Workshop/TrainingSeptember 29, 2015 to September 30, 2015 http://www.flextechworkshop.org/ Join FlexTech for a multi-market look at the power sources and options for lightweight, mobile devices, including IoT and wearable electronics. The combination of networking, presentations, and tours of a state-of-the-art roll-to-roll manufacturing facility and S3IP laboratories will provide excellent insights into the technology, market and applications. This workshop will focus on both military and commercial applications of novel and innovative power sources. The military has a few special requirements, but they run the gamut in sizes and applications. Commercially, the focus is on powering devices for wearable and mobile applications. Products that sip power are in high demand. Attend this workshop and come away with an understanding of the current views of researchers, designers and analysts. Speakers Include: Air Force Research Lab, FlexTech Alliance, SUNY Binghamton, Marc Chason and Associates, Inc., Lux Research, NovaCentrix, BessTech, Arizona State University Who Should Attend • Product and Component Designers • Electronics Integrators • Business Development Professionals in Consumer and Military Electronics • EMS Companies • Mobile Device Manufacturers • Sensor Component Suppliers • Conductive Materials and Functional Inks Companies • Manufacturing Equipment Providers • SuperCapacitors Researchers and Users • Healthcare Device Designers and Integrators • Electronic Printing Integrators Company Tour (optional) The program begins on Tuesday afternoon September 29th with a tour of the Center for Advanced Microelectronics Manufacturing (CAMM), a partnership between Binghamton University (BU), Endicott Interconnect Technologies (EI), Cornell University and the Flex Tech Alliance. The CAMM is the nation’s first prototype research and development (R&D) facility in large area flexible electronics. The CAMM is part of BU’s New York State Center of Excellence in Small Scale Systems Integration and Packaging (S3IP), which serves as an international resource for systems integration and packaging R&D. Networking Dinner (optional) A no-host networking dinner following the tour will provide introductions to industry colleagues and ample time to exchange information.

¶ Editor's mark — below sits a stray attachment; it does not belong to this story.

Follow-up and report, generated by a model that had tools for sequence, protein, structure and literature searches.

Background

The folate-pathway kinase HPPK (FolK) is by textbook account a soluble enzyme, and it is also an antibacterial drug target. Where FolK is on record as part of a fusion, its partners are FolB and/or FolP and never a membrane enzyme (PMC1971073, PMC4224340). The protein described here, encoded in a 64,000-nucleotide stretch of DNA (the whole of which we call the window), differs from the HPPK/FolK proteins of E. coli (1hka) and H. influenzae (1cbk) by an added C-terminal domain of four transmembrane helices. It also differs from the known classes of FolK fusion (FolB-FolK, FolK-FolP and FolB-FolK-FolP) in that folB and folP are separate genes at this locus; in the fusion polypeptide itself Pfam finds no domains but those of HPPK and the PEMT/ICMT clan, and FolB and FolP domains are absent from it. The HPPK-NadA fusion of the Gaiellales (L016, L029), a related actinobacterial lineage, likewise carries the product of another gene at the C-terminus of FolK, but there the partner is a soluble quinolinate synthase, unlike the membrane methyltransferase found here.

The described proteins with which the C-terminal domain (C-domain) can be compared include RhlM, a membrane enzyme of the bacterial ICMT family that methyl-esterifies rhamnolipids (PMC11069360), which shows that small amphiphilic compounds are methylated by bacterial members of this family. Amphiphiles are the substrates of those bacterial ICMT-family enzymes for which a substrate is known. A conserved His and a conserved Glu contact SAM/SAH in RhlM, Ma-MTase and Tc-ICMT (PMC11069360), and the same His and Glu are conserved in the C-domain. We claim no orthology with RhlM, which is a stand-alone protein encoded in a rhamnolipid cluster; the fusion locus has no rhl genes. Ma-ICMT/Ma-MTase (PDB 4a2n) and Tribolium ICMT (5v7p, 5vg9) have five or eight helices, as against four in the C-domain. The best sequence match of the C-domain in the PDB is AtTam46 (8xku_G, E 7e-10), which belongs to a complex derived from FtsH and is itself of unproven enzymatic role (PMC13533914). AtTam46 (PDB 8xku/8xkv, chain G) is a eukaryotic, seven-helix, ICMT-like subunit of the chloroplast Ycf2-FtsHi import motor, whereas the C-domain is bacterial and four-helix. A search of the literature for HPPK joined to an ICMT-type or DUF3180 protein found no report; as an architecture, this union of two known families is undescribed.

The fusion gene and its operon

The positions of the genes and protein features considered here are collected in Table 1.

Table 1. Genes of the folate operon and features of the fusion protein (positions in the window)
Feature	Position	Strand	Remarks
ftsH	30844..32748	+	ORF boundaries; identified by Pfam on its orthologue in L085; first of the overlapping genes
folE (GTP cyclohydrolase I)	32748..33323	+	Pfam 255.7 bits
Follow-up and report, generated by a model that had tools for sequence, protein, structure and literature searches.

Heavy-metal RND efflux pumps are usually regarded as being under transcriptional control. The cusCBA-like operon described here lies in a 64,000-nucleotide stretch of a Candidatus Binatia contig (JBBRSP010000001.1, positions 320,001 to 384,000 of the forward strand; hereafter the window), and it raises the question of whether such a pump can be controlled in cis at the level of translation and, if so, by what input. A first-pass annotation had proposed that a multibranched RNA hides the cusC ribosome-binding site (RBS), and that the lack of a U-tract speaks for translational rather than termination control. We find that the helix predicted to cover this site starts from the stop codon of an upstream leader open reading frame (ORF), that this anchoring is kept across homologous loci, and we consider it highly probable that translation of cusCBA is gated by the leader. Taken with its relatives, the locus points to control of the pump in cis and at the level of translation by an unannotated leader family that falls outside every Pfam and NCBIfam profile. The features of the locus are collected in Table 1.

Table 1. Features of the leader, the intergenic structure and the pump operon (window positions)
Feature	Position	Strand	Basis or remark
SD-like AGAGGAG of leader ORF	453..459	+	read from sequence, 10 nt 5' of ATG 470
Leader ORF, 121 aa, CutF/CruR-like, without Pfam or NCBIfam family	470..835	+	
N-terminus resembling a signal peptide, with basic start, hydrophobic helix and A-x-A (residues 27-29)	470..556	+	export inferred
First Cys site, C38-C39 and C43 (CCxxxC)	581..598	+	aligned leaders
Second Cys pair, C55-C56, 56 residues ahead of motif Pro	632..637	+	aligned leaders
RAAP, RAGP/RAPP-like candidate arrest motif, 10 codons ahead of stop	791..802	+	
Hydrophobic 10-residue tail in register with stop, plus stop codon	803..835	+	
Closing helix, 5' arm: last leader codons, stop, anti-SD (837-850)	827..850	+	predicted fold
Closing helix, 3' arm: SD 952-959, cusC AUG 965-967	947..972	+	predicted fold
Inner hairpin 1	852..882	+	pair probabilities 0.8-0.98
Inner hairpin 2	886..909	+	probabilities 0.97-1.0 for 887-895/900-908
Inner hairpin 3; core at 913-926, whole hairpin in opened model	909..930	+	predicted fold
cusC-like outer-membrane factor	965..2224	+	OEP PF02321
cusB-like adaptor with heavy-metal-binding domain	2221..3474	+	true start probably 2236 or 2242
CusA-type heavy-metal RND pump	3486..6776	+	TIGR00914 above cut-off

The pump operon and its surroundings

New composite material might be used in applications that require high operating temperatures, such as hybrid and electric vehicles, and aerospace power electronics.
Long-standing concerns about portable electronics include the devices' short battery life and their contribution to e-waste. One group of scientists is now working on a way to address both of these se...
Markus Lusser is the new President and Director of Leica Microsystems, headquartered in Wetzlar, Germany. This appointment became effective July 1, 2015. He succeeds Andries Peter Jan van den Broek wh...
Industrial Nanotech, Inc. CEO Announces PCAOB Audit, Next Generation Of Current Products, New Products, New Website, New Global Outreach Program
Industrial Nanotech, Inc. (OTC PINK: INTK), a global leader in nanotechnology-based energy saving solutions, today released the following statement from the CEO/CTO and Co-Founder of Industrial Nanot...